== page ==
I have always been among those who believe that the greatest freedom of speech is the greatest safety, because if a man is a fool, the best thing to do is to encourage him to advertise the fact by speaking. It cannot be so easily discovered if you allow him to remain silent and look wise, but if you let him speak, the secret is out and the world knows that he is a fool. So it is by the exposure of folly that it is defeated; not by the seclusion of folly, and in this free air of free speech men get into that sort of communication with one another which constitutes the basis of all common achievement.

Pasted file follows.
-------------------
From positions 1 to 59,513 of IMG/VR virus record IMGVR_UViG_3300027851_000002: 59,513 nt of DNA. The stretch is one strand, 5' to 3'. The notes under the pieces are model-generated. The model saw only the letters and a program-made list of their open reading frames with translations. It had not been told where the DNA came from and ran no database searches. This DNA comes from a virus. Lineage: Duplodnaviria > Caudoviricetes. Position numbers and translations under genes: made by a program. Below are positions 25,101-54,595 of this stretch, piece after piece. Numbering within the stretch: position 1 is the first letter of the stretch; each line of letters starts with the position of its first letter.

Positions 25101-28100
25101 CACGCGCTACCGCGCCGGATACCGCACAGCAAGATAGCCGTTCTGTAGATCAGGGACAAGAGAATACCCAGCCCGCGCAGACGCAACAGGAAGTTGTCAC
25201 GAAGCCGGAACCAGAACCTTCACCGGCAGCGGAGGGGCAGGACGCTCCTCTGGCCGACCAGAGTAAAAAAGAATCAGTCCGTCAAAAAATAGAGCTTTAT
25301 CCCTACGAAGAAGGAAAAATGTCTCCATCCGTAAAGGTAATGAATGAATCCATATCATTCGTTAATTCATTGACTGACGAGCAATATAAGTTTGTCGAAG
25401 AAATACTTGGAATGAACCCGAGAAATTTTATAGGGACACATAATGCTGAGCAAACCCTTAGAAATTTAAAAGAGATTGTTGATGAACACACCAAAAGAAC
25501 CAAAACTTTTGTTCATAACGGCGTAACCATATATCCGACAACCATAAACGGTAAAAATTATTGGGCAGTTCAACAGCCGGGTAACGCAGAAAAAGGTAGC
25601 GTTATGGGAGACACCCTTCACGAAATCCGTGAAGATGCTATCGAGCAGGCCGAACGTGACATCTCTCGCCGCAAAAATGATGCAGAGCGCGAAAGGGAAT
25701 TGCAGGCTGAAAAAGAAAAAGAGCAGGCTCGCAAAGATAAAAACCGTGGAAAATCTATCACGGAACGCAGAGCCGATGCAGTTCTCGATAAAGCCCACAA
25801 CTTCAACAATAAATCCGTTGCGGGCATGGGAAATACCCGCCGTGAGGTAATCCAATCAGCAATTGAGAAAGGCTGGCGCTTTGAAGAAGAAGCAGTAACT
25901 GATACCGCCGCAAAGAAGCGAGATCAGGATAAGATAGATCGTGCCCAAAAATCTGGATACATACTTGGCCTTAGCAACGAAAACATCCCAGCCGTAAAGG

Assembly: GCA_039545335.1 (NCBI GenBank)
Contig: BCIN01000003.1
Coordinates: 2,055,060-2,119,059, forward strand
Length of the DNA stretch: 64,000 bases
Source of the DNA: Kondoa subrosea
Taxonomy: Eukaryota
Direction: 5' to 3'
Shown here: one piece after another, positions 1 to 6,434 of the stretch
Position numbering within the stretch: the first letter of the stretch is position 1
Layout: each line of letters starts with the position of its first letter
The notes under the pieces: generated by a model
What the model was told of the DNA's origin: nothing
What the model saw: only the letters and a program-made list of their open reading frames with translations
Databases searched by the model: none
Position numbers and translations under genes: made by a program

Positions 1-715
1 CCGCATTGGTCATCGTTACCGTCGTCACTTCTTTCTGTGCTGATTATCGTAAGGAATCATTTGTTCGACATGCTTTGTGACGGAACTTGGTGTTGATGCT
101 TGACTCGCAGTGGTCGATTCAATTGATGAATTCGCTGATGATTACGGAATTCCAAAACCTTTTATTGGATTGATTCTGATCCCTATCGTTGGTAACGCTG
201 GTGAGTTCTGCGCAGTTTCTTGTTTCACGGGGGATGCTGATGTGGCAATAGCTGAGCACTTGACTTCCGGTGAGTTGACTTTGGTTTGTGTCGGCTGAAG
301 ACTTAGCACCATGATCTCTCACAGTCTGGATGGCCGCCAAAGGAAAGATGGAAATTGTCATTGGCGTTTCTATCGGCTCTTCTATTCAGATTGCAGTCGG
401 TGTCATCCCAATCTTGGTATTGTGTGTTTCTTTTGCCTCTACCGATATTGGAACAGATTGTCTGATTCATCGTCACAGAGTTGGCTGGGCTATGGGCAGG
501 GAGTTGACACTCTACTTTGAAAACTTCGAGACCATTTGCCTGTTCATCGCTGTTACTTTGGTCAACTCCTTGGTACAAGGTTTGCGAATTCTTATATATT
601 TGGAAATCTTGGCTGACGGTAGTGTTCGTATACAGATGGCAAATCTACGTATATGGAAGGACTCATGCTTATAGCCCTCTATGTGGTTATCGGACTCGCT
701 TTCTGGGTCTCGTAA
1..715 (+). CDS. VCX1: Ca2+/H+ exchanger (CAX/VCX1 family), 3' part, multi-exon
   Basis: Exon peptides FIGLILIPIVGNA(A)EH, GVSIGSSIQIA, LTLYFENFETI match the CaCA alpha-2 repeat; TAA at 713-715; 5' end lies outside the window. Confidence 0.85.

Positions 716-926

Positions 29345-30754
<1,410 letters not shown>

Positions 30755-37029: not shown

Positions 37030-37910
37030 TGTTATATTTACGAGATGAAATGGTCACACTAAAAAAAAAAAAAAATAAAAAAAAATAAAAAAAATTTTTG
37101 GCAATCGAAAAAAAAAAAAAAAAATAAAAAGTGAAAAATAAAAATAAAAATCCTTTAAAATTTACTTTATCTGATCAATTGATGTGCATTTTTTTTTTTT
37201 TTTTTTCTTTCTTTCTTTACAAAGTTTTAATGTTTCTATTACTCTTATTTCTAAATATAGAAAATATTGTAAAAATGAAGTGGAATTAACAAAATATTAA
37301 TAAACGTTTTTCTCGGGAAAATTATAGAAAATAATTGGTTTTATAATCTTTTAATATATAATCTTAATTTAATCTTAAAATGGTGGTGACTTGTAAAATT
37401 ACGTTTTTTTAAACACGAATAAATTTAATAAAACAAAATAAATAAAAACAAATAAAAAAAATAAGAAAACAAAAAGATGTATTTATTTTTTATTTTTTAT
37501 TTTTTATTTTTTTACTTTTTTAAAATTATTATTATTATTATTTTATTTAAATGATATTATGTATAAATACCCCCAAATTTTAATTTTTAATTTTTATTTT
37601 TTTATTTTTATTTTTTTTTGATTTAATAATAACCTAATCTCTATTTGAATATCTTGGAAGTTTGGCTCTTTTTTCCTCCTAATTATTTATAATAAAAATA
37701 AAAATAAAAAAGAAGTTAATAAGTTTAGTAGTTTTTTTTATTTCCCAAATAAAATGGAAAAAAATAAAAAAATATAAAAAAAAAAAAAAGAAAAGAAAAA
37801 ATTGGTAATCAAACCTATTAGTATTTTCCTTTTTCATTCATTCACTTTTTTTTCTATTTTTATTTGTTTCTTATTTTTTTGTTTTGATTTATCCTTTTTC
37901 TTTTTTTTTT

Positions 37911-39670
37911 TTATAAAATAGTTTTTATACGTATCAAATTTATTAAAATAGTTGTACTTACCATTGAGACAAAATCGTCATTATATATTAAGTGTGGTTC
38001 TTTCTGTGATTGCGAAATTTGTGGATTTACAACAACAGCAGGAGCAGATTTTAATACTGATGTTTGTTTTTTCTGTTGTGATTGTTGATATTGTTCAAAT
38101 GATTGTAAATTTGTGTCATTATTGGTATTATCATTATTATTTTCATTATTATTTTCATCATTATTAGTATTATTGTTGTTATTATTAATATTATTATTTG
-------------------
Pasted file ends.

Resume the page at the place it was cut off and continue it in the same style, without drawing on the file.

Woodrow Wilson (1856-1924) US President (1913-20), educator, political scientist
“That Quick Comradeship of Letters,” address at Institute of France, Paris (10 May 1919)
Added on 1-Feb-04 | Last updated 1-Feb-04
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